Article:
© Copyright 2006 by Kendra Cornell
Paul locked his office behind him, heaviness of thought weighting his actions. While he had been clearing the basement of the remains of the meal, he had heard Larry spreading gossip among the few who still thrived on such things. Concerned, Paul had approached the group in an effort to clear the air. Led by Larry, several of them rose and turned their backs on him, one muttering, “Always knew it would come to something like this.” For several moments, Paul had stood there in shock.
As usual, Paul had gone to the Lord, but tonight, his heart was heavy and there was no peace. It just seemed that things were getting more complicated and ugly as the days passed. There had only been two times in his life when Paul had truly felt separated from the Lord. Paul had identified with the Old Testament King Hezekiah, who had gone through a similar process as the Lord had attempted to teach him. Paul understood that concept in his head, but it was a far cry from his heart embracing the bitterness and anguish he had felt in those dark times of growth.
He headed out towards the exit, when he noticed that the front chapel door was open casting a yellow glow into the darkened foyer. That’s funny, he thought. I know I closed that. I always leave it closed.
Crossing the foyer, he reached out to shut the door when he saw a dark smear on the floor. No, not one, but a series… almost like footsteps. Swallowing his nervousness, Paul looked around for a weapon, just something he could use in case someone had broken into the church. The doors to the church automatically locked, so the only possibility was that someone had broken in…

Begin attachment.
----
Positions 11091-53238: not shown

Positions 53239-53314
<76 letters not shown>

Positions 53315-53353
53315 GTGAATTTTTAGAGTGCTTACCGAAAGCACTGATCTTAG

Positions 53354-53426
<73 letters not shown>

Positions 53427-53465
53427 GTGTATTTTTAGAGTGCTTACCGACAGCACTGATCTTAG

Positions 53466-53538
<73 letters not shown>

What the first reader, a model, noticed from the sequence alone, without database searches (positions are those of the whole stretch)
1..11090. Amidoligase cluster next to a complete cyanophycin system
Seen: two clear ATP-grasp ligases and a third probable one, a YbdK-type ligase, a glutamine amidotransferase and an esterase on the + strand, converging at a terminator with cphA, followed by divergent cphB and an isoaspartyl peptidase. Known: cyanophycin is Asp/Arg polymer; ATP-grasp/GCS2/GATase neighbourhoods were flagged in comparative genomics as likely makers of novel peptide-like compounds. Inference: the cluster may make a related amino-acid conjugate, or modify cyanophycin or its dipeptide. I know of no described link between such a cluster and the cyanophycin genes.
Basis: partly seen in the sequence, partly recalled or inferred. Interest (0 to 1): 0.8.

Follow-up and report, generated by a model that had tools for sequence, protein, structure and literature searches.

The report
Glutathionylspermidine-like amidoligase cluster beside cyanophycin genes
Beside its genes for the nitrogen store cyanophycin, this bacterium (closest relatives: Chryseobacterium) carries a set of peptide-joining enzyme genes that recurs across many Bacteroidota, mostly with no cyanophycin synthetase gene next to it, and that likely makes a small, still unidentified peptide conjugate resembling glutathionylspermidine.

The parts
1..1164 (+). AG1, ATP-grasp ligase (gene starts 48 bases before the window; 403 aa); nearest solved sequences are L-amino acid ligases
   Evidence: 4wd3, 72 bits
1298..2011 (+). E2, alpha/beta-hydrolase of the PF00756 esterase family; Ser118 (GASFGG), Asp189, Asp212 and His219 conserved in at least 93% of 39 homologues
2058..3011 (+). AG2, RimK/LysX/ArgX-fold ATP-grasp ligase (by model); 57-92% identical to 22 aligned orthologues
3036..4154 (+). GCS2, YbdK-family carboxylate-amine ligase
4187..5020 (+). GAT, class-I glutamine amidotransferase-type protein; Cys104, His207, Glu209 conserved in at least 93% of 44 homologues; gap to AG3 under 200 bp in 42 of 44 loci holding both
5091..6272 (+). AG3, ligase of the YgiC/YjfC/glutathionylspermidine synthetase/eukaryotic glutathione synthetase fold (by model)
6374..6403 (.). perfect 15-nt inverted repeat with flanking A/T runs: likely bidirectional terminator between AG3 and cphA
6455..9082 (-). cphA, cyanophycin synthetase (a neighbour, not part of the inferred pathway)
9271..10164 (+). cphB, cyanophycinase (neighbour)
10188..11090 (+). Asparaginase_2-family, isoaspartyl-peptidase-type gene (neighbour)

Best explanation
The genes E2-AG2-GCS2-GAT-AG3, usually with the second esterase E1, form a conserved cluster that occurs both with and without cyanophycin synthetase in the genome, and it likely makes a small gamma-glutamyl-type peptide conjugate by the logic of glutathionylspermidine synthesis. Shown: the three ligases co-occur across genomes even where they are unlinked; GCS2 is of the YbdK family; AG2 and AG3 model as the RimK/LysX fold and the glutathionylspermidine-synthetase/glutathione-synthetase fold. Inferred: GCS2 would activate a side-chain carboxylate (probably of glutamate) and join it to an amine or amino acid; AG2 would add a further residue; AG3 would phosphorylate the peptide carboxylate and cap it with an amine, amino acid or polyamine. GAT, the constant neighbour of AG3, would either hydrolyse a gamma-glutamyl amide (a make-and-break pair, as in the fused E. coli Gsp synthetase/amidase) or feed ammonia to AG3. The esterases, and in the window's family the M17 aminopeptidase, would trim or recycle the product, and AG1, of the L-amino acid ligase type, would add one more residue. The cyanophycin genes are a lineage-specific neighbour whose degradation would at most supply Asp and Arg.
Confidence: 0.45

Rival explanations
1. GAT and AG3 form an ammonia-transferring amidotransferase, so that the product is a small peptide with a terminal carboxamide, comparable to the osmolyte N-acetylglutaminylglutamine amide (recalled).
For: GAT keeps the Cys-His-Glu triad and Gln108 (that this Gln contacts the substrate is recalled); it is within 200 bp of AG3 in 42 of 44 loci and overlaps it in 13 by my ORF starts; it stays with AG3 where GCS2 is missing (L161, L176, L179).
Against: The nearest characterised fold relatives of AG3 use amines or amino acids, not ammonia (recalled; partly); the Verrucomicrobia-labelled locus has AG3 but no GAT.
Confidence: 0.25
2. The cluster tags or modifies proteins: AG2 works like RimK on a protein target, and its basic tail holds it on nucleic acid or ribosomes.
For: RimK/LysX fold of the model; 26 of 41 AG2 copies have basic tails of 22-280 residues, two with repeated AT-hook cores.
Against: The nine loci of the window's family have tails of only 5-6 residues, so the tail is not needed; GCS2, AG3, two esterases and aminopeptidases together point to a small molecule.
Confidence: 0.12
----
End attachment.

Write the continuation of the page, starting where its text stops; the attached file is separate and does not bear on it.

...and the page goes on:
Emptying a brass urn filled with fake ferns, Paul held the bulbous item by its handle and walked slowly into the chapel. Nothing odd met his gaze immediately, so he followed the dark smears on the floor across the front of the chapel and up the center aisle. What met his gaze caused him to drop the urn with the subtlety of a clanging gong. A beautiful, but injured blonde woman was passed out in a pew, one arm dangling awkwardly and, it seemed, painfully away from her body.
When the urn hit the floor, the woman bolted upright and she tried to stand before crying out in pain and falling back down into the pew. She drew her knees to her chest and rocked back and forth, biting her lower lip and squeezing back tears through eyes shut in agony. Her body shuddered with every breath. She still hadn’t seen Paul.